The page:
Reports are emerging of Jaguar cutting prices and adding more stuff to entice more buyers. Jaguar, the British luxury car brand, has not been selling too well in these United States and the company is expanding its range of engines and adding all-wheel-drive, a first, to certain models.
Jaguar cutting prices to completely unaffordable, but less so
Jaguar, the vaunted English luxury car brand, hasn’t been moving a whole lot of units in the United States. Everywhere else, the brand does fine, but Yankees haven’t exactly been flocking to Jaguar with the kind of momentum BMW fans do.
According to Businessweek, 12,276 people took delivery of a Jaguar (that’s Jag-you-are, not Jag-w-are) in 2011, compared to 247,907 for BMW last year, according to Bloomberg. Among the reasons why is that Jaguar doesn’t make cars with all-wheel-drive which, according to Businessweek, that puts them at a disadvantage in Snow Belt states.
The high price of a Jag is also a hindrance, as few can afford the $50,000-plus price tag, which the company wants to do something about. According to AutoGuide, Jaguar cutting prices has been reported, along with adding AWD to some models.
Base model cut by seven grand
Reports of Jaguar cutting prices are not exaggerated, as the company has reducing the price of the XF by $7,000. However, the auto loans one needs to get one will still be substantial, as the price is now $47,850, before options.
The engine range has also been updated for the 2013 XF, now available with a turbocharged 2.0-liter 204 horsepower four-cylinder from Ford, according to AutoBlog, as well as a supercharged 3.0-liter V-6, good for 340 horsepower. There are also two supercharged 5.0-liter V-8 engines, a 470-horsepower version in the XF Supercharged and a 510-horsepower version in the XFR. The V-6 comes in at $50,000 even, before an $875 destination charge. The XF Supercharged is still $68,000 and the XFR became slightly more expensive, increasing from $82,000 to $83,200.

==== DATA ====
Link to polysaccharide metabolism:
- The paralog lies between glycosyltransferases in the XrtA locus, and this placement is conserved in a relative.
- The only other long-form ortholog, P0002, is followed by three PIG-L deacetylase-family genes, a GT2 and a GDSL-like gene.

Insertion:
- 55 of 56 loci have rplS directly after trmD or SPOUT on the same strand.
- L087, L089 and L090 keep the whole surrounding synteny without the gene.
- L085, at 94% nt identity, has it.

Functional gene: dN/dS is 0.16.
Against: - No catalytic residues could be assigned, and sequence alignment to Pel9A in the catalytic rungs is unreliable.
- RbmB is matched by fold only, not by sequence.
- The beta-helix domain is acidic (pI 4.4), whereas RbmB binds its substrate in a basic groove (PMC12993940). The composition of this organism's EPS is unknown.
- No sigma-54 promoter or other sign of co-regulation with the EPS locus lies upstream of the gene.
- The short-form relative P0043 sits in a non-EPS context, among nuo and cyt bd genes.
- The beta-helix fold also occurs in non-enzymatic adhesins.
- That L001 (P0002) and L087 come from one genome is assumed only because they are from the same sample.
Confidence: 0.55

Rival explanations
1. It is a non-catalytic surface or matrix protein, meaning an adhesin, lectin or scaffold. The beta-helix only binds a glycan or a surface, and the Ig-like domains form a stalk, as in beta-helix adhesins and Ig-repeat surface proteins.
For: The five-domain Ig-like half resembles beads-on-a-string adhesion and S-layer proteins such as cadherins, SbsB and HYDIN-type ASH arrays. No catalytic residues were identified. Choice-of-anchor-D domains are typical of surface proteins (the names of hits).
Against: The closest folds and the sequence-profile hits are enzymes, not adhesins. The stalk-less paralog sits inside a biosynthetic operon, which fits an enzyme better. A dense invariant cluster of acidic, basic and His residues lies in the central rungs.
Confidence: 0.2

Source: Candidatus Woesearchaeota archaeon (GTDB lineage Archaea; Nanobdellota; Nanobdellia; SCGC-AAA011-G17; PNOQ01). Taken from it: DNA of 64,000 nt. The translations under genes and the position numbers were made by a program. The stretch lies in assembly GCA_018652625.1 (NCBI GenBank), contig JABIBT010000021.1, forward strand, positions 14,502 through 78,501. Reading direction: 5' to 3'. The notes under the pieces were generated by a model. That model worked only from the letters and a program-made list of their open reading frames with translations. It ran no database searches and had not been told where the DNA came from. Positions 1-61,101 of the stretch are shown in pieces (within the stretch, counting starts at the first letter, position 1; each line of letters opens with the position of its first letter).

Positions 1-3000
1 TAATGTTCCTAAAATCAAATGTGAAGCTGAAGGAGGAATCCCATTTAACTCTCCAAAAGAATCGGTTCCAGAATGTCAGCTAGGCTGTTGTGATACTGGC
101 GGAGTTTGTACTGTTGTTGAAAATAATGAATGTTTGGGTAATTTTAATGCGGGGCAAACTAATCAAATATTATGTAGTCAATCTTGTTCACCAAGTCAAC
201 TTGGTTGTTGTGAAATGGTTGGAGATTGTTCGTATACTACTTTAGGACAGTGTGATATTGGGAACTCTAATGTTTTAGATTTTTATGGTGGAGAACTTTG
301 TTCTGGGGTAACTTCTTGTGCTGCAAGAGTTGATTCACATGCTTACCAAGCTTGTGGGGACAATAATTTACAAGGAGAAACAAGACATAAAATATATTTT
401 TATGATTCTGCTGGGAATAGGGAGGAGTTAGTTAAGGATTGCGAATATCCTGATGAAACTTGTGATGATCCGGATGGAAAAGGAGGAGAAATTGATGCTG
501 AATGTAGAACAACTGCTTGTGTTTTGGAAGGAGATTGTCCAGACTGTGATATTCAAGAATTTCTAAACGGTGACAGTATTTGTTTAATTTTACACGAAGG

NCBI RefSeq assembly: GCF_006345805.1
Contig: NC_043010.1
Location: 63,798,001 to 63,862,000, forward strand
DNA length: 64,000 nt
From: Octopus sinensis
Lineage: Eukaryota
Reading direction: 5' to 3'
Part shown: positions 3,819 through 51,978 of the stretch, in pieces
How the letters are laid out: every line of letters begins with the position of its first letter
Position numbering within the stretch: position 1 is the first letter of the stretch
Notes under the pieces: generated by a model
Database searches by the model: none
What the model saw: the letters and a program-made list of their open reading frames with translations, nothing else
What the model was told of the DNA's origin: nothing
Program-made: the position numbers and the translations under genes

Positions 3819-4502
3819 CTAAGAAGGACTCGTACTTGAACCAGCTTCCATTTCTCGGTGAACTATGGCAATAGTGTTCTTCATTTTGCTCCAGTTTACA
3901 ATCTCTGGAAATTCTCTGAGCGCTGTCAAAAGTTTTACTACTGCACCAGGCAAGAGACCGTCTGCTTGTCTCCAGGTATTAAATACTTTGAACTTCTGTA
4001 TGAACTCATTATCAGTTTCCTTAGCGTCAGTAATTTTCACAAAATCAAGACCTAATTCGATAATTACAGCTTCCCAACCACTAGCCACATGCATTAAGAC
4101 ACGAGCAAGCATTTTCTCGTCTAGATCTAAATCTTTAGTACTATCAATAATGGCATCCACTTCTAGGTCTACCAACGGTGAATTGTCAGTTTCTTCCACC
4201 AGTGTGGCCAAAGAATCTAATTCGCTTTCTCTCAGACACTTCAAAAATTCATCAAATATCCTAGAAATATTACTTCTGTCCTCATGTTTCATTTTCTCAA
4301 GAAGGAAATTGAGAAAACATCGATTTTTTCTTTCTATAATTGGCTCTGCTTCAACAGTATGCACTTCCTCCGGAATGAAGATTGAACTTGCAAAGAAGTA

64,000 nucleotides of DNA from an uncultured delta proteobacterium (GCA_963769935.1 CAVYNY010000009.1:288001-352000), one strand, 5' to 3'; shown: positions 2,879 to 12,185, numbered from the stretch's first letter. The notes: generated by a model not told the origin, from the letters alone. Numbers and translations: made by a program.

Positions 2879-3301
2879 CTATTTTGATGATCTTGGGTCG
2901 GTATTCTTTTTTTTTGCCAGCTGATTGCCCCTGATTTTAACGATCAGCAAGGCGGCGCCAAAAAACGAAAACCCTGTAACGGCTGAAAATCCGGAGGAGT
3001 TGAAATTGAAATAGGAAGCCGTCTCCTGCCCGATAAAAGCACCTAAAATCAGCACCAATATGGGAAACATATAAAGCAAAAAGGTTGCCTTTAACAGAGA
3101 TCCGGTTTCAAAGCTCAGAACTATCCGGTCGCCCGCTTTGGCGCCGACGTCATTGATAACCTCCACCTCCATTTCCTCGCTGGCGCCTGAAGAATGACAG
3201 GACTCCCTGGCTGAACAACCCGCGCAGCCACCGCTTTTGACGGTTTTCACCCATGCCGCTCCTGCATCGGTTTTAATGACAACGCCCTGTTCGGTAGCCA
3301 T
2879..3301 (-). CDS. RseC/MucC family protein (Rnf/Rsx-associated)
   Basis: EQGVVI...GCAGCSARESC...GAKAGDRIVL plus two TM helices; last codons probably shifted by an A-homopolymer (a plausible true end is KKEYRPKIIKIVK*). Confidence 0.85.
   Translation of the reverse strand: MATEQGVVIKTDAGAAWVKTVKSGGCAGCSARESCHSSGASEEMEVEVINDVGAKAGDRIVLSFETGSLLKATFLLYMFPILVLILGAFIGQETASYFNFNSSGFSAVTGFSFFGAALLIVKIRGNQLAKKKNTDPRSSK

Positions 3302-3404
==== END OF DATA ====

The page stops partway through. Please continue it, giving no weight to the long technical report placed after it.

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The base 2013 XJ, Jaguars longer sedan, has also been reduced in price by $500, to $73,200, which shares the supercharged V-6 with the XF and will also feature, according to AutoGuide, in the upcoming F-Type roadster. All-wheel-drive is available for the V-6 XF and XJ, at a $3,000 and $3,500 premium, respectively.
According to AutoBlog, the base XF, with the turbo 2.0-liter engine, will also get Jaguar’s stop-start technology, as Jaguar cutting prices is paired with a drive to boost fuel economy. Another fuel saving feature on Jaguar is the shoddy reliability, as the brand is known for breaking down to keep from running and thereby using up fuel, just like it’s sibling, Range Rover.
Jaguar is also replacing the standard six-speed automatics with an eight-speed paddle shifted unit from ZF.
Whether will boost their sales remains to be seen, but it might not. BMW sells more 3 series sedans than Jaguar does cars, so Jaguar cutting prices to just under $50,000 might not do it alone.
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